SAF shelves boot camp plans for IPPT defaulters

The Singapore Armed Forces (SAF) has shelved boot camp plans for reservist servicemen who skip their mandatory military fitness test three times. -- PHOTO: ST FILE 
The Singapore Armed Forces (SAF) has shelved boot camp plans for reservist servicemen who skip their mandatory military fitness test three times. -- PHOTO: ST FILE 

It will review the way it deals with NSmen who skip the test three times

The Singapore Armed Forces (SAF) has shelved boot camp plans for reservist servicemen who skip their mandatory military fitness test three times. Instead, it will review the way it deals with these offenders.

The latest move comes amid recent efforts to get citizen soldiers to stay in shape, while making them more responsible for their own fitness. The Individual Physical Proficiency Test (IPPT), for example, has been made less of a chore for operationally ready national servicemen (NSmen) who have to juggle family and work commitments. A stripped- down fitness test started more than two months ago.

For now, those who skip the IPPT three times will have to pay a $100 fine or be thrown into detention barracks, the army's equivalent of prison. The latter punishment, though, is rarely meted out.

Under a new three-strike rule, IPPT defaulters would have had to pay a monetary fine and gone through a five-day boot camp to get fit. Dubbed the In-Camp- Training (Physical Training), the fitness camp, a form of confinement, was to have started in the second half of this year.

Responding to queries from The Straits Times, the Defence Ministry did not explicitly say it was putting on hold the confinement of recalcitrant offenders.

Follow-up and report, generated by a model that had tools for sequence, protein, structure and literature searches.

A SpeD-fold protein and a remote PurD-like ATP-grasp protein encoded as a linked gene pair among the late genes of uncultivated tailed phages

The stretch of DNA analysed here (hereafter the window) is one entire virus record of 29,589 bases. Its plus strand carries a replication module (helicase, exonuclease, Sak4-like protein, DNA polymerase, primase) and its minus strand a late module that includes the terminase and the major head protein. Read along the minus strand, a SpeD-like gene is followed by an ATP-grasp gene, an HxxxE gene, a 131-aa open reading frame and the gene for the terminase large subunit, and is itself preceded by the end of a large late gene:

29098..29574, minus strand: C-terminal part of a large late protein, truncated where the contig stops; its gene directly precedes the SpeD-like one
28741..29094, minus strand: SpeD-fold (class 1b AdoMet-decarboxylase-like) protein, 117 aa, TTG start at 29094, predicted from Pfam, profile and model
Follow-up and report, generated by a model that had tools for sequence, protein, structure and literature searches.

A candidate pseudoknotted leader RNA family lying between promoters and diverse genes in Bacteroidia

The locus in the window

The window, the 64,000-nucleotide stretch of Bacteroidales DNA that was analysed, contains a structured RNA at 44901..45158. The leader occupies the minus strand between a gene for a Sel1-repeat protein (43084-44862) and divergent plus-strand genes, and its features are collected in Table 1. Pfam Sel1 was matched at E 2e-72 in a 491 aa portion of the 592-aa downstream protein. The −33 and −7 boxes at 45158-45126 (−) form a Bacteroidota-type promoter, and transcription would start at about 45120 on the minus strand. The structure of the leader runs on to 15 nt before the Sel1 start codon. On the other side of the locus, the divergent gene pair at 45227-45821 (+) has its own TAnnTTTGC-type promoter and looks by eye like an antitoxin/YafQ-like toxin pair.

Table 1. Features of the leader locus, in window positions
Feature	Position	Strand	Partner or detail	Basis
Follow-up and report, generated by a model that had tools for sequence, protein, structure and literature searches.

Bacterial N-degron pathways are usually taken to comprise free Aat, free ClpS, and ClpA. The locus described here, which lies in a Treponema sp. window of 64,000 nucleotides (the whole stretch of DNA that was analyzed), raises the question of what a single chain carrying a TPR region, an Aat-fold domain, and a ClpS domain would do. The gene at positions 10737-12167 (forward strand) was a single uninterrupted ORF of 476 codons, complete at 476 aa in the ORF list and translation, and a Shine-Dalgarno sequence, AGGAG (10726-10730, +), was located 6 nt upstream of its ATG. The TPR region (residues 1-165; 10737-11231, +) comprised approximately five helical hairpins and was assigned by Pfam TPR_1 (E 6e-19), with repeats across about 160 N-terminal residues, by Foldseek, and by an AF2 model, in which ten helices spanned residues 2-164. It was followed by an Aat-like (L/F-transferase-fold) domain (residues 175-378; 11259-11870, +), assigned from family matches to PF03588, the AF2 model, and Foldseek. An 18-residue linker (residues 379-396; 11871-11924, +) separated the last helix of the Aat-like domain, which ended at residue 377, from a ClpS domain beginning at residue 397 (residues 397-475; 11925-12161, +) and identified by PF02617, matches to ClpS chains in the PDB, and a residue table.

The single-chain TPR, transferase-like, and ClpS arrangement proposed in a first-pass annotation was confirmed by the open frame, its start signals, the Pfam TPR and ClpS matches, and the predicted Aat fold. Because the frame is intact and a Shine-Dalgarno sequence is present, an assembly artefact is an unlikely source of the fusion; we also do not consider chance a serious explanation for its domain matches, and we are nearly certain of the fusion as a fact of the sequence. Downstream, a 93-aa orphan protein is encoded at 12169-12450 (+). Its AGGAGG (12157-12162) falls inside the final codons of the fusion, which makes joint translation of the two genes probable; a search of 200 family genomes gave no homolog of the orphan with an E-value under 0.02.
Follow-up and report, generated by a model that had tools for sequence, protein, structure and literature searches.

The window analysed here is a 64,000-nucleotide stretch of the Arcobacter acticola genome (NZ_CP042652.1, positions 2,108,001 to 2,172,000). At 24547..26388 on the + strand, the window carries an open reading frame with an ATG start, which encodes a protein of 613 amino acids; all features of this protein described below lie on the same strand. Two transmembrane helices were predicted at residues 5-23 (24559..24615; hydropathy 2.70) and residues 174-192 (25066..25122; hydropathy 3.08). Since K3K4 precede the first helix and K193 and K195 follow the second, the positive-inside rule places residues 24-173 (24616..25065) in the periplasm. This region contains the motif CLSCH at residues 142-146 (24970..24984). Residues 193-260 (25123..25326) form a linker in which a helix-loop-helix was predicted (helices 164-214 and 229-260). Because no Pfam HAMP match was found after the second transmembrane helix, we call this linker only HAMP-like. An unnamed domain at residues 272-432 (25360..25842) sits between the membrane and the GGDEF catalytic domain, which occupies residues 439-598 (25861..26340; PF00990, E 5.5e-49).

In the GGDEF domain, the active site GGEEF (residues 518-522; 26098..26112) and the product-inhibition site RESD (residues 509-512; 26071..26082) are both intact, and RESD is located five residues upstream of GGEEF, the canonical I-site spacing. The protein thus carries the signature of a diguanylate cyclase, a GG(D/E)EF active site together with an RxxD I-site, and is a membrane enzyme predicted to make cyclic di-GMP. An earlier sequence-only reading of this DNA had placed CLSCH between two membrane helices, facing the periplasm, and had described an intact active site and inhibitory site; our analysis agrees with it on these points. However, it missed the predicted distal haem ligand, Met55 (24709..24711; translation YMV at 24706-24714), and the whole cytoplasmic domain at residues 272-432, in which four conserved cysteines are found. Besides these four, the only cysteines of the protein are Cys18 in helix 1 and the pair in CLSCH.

The army's assistant chief of general staff (training), Colonel Ng Ying Thong, would say only that as the SAF gives servicemen greater ownership of their fitness, it will also "review the disciplinary framework for IPPT defaulters".

"Physical fitness is a personal responsibility... The SAF maintains a tough stand against IPPT defaulters, and disciplinary actions will be taken against NSmen who do not take their IPPT annually," said Col Ng, though he did not say what these actions were.

But ST understands that on the ground, unit commanders have told citizen soldiers that confinement is not likely to be imposed. Information on the disciplinary actions that IPPT defaulters face has also been removed from the ns.sg portal.

It is understood that the military top brass are still collating and studying the results of the revised IPPT to decide on more effective disciplinary actions.

The most recent figures given in 2010 by the Ministry of Defence showed that the test is failed by half of the 116,000 NSmen who take it every year.

Col Ng had told ST earlier that only a small number of NSmen repeatedly skip their IPPT.

Servicemen seem to be getting better scores in the new IPPT, which is made up of sit-ups, push-ups and a 2.4km run, and replaced a five-station physical fitness test.

In a trial involving some 5,000 servicemen late last year, most participants bettered their previous performances. For instance, 88 per cent of the trial participants did as many, if not more, sit-ups, while 73 per cent ran faster or maintained their timings during the 2.4km runs.

All combat-fit NSmen are required to take the IPPT at least once a year, starting from their birthday.

jermync@sph.com.sg